Activists allege Panasonic is racially biased

By Naomi Nix | NJ Advance Media for NJ.com
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on March 31, 2015

Glorina Williams Cruz was one of three African American women to file a lawsuit against Panasonic Corporation of North America alleging they faced discriminatory employment practices

 

NEWARK — About 15 activists rallied in front of Panasonic Corporation of North America's offices in Newark this evening in protest of what they are calling the corporation's discriminatory practices.

The activists chanted "No justice, No peace" and "What do we want? Jobs."

The rally, organized by New Jersey Citizen Action and other groups, supports a lawsuit filed two years ago from three African American women who allege they faced discriminatory employment practices.

"We don't want to give tax breaks to companies that discriminate. That's really the bottom line," said Phyllis Salowe-Kaye, executive director of New Jersey Citizen Action. "It shouldn't be allowed."

The New Jersey Economic Development Authority awarded the company a $102.4 million tax subsidy in 2011 to move its headquarters from Secaucus to Newark, according to New Jersey Citizen Action.

Panasonic spokesman Jim Reilly said in a statement the allegations were unfounded.

"Panasonic has policies in place that prohibit any discriminatory employment practices," he said in a statement. "We regret the inconvenience this unwarranted demonstration has meant for our staff, our neighbors and others who are ending their workday, many of whom are trying to get home to their families."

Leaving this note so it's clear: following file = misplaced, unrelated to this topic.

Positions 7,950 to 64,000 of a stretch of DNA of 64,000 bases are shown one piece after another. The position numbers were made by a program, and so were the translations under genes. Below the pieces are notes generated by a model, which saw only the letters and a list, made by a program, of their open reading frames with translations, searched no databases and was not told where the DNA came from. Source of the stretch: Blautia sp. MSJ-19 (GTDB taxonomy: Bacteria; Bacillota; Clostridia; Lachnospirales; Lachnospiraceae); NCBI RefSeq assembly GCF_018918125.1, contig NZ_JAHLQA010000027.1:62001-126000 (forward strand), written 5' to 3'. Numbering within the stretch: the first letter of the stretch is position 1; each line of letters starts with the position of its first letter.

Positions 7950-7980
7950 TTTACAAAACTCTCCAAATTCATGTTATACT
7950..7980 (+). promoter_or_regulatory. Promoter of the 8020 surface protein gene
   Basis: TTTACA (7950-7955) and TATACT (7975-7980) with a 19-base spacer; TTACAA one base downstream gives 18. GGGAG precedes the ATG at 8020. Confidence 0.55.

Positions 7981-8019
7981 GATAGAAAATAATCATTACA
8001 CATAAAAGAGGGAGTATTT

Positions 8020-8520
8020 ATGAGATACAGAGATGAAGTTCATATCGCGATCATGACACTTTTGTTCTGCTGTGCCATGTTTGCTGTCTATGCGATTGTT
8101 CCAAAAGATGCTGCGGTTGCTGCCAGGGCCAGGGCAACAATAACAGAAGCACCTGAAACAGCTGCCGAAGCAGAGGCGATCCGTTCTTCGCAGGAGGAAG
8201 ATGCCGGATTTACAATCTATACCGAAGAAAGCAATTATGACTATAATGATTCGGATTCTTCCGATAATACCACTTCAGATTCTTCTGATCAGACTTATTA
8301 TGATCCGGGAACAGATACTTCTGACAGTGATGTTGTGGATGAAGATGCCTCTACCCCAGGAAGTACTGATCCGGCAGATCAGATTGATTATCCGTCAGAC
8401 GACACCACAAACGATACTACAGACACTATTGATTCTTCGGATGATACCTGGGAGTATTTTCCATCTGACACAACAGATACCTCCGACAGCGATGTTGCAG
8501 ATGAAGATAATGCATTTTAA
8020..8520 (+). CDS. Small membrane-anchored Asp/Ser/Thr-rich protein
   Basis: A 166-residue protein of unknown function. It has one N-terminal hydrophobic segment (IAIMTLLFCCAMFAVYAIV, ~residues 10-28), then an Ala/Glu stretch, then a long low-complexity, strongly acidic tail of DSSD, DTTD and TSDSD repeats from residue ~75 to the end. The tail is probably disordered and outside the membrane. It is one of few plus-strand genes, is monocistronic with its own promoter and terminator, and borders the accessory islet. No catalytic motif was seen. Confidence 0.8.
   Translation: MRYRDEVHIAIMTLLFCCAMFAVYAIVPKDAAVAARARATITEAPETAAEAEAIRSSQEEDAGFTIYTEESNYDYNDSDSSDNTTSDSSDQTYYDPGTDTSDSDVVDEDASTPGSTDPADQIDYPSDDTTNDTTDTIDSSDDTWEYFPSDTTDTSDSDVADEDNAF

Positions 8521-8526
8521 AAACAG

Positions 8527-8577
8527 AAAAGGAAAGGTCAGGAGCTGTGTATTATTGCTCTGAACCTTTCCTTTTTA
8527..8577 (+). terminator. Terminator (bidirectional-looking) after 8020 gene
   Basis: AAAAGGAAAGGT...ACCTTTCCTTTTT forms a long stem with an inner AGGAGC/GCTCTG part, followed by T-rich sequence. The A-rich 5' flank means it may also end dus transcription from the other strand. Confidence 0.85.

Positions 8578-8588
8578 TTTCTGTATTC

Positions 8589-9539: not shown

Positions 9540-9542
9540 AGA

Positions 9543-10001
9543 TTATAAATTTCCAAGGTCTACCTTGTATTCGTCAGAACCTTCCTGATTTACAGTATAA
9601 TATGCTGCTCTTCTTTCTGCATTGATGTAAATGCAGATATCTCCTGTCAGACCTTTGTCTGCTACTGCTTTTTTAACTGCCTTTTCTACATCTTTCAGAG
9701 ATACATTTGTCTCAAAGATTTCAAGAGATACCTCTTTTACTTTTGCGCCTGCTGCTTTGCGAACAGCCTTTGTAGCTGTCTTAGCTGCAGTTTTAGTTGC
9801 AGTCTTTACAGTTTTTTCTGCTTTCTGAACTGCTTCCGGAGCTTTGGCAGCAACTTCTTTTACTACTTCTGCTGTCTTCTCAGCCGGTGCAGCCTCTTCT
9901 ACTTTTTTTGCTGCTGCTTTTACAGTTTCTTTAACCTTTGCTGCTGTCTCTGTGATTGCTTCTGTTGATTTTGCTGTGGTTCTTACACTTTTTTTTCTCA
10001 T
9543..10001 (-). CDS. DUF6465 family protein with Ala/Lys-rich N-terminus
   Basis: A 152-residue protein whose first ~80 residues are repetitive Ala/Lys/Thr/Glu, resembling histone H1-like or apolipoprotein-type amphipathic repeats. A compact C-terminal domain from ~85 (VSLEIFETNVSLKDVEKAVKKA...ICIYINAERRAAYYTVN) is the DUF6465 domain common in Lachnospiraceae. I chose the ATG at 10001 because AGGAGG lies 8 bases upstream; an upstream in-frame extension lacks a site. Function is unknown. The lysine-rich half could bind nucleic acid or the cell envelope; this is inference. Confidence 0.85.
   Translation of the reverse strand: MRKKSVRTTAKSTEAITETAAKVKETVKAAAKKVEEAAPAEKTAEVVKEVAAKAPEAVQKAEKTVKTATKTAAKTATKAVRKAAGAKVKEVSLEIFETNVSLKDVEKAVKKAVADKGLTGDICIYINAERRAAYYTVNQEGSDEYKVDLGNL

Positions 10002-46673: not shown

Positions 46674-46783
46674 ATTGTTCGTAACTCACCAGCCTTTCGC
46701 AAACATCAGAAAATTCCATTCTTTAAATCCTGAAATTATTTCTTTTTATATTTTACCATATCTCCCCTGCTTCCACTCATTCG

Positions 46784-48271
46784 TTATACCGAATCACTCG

In 2013, Glorina Williams Cruz, Marilyn Joseph and Sandra Karriem filed a lawsuit in superior court of New Jersey, alleging they were the victims of race and sex discrimination.

The company is structured to include "senior executives," which include the vice president level and above. Meanwhile, regular "executives" include the director level and above, the lawsuit says.

Of the 119 executives only 13 were women including the three plaintiffs, according to a 2014 amended version of the suit.

The three plaintiffs were the only African Americans on the entire executive team, according to the lawsuit.

The company had not named a female board member in its 95-year history until February of 2013, the lawsuit says.

"The human resource system was and is compromised and that Defendant manipulates the system to favor 'the good old boys network' rather than engaging in a transparent selection process for employment opportunities that is inclusive of (non-Asian) minority and female employees," the lawsuit said.

Cruz, the company's former director of Equal Employment Opportunity, alleges that she was passed over for a promotion to be Vice President of Human Resources in favor of a less qualified white male.

Cruz said she had been told she would get the role and had been formally identified as someone with "high potential," the lawsuit says.

But she was passed over for the role after she complained about the disparate treatment of minorities and women at the company, the lawsuit alleges.

"We want to put an end to discrimination, especially at Panasonic," Cruz said in an interview.

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